WENDY JOSEPH (MA 1985), an Able Seaman in the U.S. Merchant Marine, recently returned from Crete, off a cargo ship carrying military personnel and supplies from the U.S. to Iraq. Her screenplay, Murmansk Run, won first prize in the 2002 Northwest Screenwriters Guild Contest.

BRET KEELING (PhD 2000) has accepted a position at Pacific Lutheran University.

CONNIE KIM (BA 1999), after serving as managing editor of YES! A Journal of Positive Futures, is now working as a freelance book editor and layout editor for Executive Coach, a new professional leadership development publication.

ROBERT H. KONO (BA 1963) has recently published The Last Fox, a novel of the 100th/442nd RCT and The River of Time, a collection of short stories.

ANDREW KOTTWITZ (BA 2004) reports: “I don’t know if this counts, but I got published on the Metro Buses ‘Poetry on the Bus’ contest. Now my poem, “How to Win 41 Million Dollars,” is rolling all over Seattle.”

JEREMY MACKIE (BA 2000) was admitted to the Vancouver Film School in British Columbia for fall 2004.

JOANIE MACKOWSKI (MFA 1991, MA 1993) was awarded the 2003 Kate Tufts Discovery Award for her book of poems, The Zoo (University of Pittsburgh Press 2002). This year she received her PhD in English from the University of Missouri-Columbia and will join the faculty in the creative writing program at the University of Cincinnati.

ALISON MANDAVILLE (PhD 2002) will teach at Pacific Lutheran University this year.

MELISSA MARINI (BA 2004) will continue on in our department this fall as a new graduate student in English language and rhetoric.

JUSTINE MATTHIES (BA 1997), after working in publishing with Sasquatch Books, has moved on to a new career in bridal consulting with Vera Wang in New York City.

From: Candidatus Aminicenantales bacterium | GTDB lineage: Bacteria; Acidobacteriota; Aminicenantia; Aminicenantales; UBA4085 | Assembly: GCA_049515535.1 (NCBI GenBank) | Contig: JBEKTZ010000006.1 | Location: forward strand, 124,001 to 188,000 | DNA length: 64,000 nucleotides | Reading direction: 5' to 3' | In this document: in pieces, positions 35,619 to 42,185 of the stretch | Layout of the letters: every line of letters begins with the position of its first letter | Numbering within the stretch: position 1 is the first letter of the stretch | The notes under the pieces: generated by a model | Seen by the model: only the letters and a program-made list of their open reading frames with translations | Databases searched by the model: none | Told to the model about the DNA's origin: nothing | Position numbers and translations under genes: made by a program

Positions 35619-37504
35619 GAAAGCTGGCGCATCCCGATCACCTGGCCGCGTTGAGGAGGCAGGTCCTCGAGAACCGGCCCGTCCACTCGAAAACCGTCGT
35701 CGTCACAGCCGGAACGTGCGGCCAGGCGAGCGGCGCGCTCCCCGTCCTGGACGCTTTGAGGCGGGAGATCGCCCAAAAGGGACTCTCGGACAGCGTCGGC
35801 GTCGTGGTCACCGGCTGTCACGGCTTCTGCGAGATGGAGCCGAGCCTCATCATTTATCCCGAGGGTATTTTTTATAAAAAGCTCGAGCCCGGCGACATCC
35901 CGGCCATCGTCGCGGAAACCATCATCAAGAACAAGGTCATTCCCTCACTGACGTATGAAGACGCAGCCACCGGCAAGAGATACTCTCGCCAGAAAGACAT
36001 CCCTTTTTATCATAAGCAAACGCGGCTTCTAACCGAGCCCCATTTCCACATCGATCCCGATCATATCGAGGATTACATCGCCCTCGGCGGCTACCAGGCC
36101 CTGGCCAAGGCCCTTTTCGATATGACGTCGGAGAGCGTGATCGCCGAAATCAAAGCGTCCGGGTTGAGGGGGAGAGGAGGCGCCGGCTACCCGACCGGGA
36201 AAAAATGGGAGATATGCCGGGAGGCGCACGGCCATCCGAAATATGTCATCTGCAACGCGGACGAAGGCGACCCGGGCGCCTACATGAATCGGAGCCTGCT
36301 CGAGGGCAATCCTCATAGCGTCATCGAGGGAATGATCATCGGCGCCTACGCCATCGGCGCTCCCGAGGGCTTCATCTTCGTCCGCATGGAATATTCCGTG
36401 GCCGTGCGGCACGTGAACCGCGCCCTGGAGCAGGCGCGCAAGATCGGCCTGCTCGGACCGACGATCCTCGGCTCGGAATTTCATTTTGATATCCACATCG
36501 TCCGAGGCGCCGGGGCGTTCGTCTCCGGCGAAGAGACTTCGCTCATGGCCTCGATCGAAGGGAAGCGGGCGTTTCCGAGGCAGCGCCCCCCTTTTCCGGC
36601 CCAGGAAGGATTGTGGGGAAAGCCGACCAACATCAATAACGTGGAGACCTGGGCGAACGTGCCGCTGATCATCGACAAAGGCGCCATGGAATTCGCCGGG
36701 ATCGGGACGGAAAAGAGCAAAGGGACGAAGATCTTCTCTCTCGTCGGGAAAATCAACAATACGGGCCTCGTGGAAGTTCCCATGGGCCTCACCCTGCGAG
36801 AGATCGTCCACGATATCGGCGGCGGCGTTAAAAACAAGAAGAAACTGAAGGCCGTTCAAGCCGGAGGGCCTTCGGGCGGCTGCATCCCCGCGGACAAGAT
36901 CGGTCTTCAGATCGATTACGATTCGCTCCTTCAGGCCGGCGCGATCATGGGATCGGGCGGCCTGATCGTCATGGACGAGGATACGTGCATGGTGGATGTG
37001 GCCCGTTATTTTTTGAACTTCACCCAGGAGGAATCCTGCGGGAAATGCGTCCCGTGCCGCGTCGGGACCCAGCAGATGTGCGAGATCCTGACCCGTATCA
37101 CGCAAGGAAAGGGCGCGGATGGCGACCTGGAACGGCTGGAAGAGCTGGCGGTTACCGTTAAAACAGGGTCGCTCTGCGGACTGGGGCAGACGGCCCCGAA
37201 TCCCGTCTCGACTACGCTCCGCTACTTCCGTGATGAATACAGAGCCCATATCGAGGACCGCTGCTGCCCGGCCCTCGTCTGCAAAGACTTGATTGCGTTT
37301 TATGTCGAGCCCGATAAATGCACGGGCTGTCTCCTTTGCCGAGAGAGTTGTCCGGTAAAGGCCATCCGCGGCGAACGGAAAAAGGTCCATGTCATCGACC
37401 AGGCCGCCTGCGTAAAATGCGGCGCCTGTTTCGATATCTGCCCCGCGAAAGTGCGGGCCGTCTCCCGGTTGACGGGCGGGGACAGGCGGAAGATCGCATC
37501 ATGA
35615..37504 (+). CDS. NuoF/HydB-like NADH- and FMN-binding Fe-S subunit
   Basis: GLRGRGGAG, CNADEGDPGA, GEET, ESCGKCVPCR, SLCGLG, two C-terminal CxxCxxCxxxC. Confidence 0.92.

BRANDON MAUST (BA 2005) received travel grants from the Undergraduate Research Program to present at two conferences sponsored by the Society for Technical Communication and by IEEE Professional Communication Society in Minnesota and Maryland.

CATHERINE MCDONALD (PhD expected 2005) has accepted a three-year appointment at Western Washington University.

MATTHEW MCINTOSH (BA 1999) recently published his first novel, Well (Grove Press, NY) and has given author readings at Elliott Bay Books, Powell’s in Portland, and the Northwest Bookfest.

SHANNON MCRAE (PhD 1999) will begin a tenure-track position at State University of New York, Fredonia this fall.

KEVIN MOORE (BA 2003) will be attending the Masters/PhD program in English literature at the University of Arizona this fall with a fellowship.

HOANG NHAN (BA 2004), double major in English and Neurobiology, will be going to UC San Diego this fall with full funding for a PhD in Neurosciences. Hoang was also awarded the following honors this spring: 2004 National Science Foundation Graduate Fellowship Honorable Mention, UC Berkeley Graduate Opportunity Fellowship (declined), Merage American Dream Fellowship.

TAMIKO NIMURA (PhD 2004) has joined the faculty at the University of Puget Sound.

NICHOLAS O’CONNELL (MFA 1985, PhD 1996) teaches several classes each year through The Writer’s Workshop. He also offers classes online at www.thewritersworkshop.net.

JOHANNA OGDON (BA 2004) is already deeply into her first year of law school at Seattle University through their early enrollment program.

SHANLEY PETERSON (BA 2002) completed NYU’s summer publishing institute the summer following graduation. Her first job in publishing was traveling and writing for a cousin’s yachting magazine. Shanley is now in a copy editing job with Business Wire and contemplating the big move to the Big Apple.